Pub Date: July 11, 1960

ISBN: 0060935464

Page Count: 323

Publisher: Lippincott

Review Posted Online: Oct. 7, 2011

Kirkus Reviews Issue: July 1, 1960

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While a few weeks ago it seemed as if Praeger would have a two month lead over Dutton in their presentation of this Soviet best seller, both the "authorized" edition (Dutton's) and the "unauthorized" (Praeger's) will appear almost simultaneously. There has been considerable advance attention on what appears to be as much of a publishing cause celebre here as the original appearance of the book in Russia. Without entering into the scrimmage, or dismissing it as a plague on both your houses, we will limit ourselves to a few facts. Royalties from the "unauthorized" edition will go to the International Rescue Committee; Dutton with their contracted edition is adhering to copyright conventions. The Praeger edition has two translators and one of them is the translator of Doctor Zhivago Dutton's translator, Ralph Parker, has been stigmatized by Praeger as "an apologist for the Soviet regime". To the untutored eye, the Dutton translation seems a little more literary, the Praeger perhaps closer to the rather primitive style of the original. The book itself is an account of one day in the three thousand six hundred and fifty three days of the sentence to be served by a carpenter, Ivan Denisovich Shukhov. (Solzhenitsyn was a political prisoner.) From the unrelenting cold without, to the conditions within, from the bathhouse to the latrine to the cells where survival for more than two weeks is impossible, this records the hopeless facts of existence as faced by thousands who went on "living like this, with your eyes on the ground". The Dutton edition has an excellent introduction providing an orientation on the political background to its appearance in Russia by Marvin Kalb. All involved in its publication (translators, introducers, etc.) claim for it great "artistic" values which we cannot share, although there is no question of its importance as a political and human document and as significant and tangible evidence of the de-Stalinization program.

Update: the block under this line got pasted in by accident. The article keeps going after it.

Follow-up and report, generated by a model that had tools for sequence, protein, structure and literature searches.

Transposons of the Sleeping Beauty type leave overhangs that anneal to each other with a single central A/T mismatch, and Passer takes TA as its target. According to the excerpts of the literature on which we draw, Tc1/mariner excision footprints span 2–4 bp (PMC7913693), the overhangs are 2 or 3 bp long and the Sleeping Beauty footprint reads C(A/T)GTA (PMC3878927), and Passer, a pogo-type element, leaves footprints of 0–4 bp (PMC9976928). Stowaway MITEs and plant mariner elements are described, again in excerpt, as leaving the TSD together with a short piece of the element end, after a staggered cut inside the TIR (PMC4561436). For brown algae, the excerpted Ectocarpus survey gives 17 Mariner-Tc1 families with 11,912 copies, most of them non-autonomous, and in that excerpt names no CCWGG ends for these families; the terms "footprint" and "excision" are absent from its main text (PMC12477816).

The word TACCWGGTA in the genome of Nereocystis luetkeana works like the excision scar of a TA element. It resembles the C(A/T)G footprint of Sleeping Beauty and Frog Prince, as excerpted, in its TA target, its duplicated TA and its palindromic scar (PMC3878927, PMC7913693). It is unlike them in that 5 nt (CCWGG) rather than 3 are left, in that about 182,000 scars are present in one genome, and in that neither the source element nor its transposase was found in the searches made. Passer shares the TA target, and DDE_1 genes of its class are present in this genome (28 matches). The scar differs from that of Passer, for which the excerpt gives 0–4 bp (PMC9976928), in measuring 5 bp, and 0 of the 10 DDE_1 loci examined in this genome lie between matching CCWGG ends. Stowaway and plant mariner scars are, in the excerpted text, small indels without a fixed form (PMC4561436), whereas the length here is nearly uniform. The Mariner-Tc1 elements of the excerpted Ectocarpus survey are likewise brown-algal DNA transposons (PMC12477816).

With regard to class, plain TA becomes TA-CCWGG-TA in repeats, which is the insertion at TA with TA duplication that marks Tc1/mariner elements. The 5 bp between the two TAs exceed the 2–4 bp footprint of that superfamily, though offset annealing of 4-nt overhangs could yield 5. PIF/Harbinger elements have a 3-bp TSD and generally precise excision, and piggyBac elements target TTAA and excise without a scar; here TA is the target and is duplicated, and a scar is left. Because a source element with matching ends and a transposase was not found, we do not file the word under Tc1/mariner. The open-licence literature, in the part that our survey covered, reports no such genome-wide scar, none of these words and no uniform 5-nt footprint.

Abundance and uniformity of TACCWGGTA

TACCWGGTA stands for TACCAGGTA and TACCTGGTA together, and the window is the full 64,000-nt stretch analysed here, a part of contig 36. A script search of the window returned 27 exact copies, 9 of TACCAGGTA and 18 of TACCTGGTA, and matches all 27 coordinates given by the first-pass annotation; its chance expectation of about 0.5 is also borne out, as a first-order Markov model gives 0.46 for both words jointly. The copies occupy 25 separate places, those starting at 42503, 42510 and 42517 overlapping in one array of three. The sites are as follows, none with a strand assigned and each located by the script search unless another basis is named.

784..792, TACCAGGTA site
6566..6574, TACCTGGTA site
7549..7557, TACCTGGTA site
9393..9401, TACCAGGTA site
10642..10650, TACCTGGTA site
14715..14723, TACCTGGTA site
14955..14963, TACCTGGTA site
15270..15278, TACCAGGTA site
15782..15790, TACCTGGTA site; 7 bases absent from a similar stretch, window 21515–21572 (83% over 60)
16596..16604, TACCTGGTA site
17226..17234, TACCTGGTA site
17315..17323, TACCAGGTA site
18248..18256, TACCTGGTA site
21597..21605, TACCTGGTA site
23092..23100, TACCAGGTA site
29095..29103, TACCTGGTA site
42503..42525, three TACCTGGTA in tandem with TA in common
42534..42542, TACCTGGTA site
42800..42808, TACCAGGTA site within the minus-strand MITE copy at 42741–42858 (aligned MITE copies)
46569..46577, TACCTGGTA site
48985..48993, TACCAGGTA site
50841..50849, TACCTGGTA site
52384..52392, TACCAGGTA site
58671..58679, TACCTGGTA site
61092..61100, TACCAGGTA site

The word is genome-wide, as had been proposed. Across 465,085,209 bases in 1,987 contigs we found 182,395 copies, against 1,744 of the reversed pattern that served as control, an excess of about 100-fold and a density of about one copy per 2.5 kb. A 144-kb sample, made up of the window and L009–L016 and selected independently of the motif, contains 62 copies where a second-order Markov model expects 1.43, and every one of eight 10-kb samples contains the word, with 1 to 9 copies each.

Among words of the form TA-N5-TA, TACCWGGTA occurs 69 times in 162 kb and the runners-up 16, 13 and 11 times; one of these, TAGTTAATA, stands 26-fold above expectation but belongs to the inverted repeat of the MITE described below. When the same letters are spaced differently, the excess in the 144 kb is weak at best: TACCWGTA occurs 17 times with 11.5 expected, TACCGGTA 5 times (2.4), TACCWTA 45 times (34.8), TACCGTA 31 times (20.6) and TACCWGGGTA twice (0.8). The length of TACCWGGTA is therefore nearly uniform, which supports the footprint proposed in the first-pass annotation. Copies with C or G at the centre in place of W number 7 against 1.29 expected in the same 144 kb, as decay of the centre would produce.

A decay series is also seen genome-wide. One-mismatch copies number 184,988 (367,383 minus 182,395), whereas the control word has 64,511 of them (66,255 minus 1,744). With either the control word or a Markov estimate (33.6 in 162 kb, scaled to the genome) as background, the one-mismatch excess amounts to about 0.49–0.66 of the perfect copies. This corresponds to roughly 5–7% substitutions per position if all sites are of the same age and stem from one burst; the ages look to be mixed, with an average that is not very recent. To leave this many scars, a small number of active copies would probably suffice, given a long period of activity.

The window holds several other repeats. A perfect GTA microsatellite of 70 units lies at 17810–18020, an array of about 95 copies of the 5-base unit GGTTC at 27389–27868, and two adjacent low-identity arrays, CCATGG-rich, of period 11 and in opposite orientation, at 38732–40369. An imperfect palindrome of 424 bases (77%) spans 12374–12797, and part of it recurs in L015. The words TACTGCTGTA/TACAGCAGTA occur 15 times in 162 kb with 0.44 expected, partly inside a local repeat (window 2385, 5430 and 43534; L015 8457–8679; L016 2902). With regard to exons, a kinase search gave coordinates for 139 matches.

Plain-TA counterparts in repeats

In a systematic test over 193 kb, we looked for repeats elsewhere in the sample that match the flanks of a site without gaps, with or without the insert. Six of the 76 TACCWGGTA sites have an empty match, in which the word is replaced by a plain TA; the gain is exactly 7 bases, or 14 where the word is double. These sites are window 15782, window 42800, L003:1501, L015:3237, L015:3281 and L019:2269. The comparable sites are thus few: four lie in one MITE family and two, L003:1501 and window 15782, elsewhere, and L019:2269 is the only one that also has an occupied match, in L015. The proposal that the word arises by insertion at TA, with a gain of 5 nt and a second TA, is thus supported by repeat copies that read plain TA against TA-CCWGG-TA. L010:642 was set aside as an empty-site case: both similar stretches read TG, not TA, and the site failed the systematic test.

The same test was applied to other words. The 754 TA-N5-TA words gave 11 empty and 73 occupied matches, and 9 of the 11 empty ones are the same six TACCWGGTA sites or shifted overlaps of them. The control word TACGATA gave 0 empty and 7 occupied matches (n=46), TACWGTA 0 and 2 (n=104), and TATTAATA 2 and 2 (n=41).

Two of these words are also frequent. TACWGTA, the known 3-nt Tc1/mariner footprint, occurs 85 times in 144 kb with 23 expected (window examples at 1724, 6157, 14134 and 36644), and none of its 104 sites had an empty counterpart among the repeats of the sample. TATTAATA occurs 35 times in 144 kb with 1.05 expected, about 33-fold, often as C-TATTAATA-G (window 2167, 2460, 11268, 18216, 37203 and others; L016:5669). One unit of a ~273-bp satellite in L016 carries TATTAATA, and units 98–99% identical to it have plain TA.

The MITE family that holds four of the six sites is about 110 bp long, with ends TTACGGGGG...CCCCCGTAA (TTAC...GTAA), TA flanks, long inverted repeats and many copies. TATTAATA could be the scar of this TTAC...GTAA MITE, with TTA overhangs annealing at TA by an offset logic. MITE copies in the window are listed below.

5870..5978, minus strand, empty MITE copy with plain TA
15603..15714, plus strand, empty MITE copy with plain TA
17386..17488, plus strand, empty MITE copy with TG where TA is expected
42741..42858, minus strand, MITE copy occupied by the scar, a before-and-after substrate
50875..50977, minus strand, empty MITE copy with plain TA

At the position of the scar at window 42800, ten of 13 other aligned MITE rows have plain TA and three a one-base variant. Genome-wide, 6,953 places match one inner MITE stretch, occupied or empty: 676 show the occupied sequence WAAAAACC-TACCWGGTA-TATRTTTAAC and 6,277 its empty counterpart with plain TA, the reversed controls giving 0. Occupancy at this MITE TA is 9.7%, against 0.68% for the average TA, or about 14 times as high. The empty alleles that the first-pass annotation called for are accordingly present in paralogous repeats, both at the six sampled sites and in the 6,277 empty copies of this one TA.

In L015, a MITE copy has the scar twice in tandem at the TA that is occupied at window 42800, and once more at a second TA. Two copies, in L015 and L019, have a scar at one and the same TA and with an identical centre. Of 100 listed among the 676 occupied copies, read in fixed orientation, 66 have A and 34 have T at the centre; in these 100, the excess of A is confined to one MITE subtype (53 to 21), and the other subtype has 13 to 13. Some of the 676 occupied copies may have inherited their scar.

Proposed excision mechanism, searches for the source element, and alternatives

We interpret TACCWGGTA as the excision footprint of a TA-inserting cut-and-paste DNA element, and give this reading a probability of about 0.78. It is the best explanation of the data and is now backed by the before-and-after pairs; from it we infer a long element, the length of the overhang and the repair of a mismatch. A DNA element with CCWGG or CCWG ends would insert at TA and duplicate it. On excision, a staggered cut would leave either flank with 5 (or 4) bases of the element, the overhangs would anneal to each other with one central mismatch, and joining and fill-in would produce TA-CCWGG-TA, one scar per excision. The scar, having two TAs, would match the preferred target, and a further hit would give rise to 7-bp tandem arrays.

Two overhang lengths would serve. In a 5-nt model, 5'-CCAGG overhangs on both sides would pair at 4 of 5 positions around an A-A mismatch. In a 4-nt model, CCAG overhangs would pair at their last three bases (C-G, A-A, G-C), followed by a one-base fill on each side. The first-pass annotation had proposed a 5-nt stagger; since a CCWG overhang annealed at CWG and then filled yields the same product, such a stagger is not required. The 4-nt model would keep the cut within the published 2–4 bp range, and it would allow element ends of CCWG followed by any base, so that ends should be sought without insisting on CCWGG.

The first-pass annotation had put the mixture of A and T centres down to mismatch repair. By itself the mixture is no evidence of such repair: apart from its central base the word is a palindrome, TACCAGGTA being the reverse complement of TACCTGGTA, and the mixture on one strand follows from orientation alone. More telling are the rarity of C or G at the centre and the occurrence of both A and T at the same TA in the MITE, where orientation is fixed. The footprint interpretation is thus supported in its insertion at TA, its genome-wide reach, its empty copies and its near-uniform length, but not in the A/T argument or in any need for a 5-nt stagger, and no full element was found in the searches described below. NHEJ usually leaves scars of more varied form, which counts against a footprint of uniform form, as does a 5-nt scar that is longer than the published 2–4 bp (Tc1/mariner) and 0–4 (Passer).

Pub Date: June 15, 1963

ISBN: 0451228146

Page Count: 181

Publisher: Praeger

Review Posted Online: Oct. 5, 2011

Kirkus Reviews Issue: June 15, 1963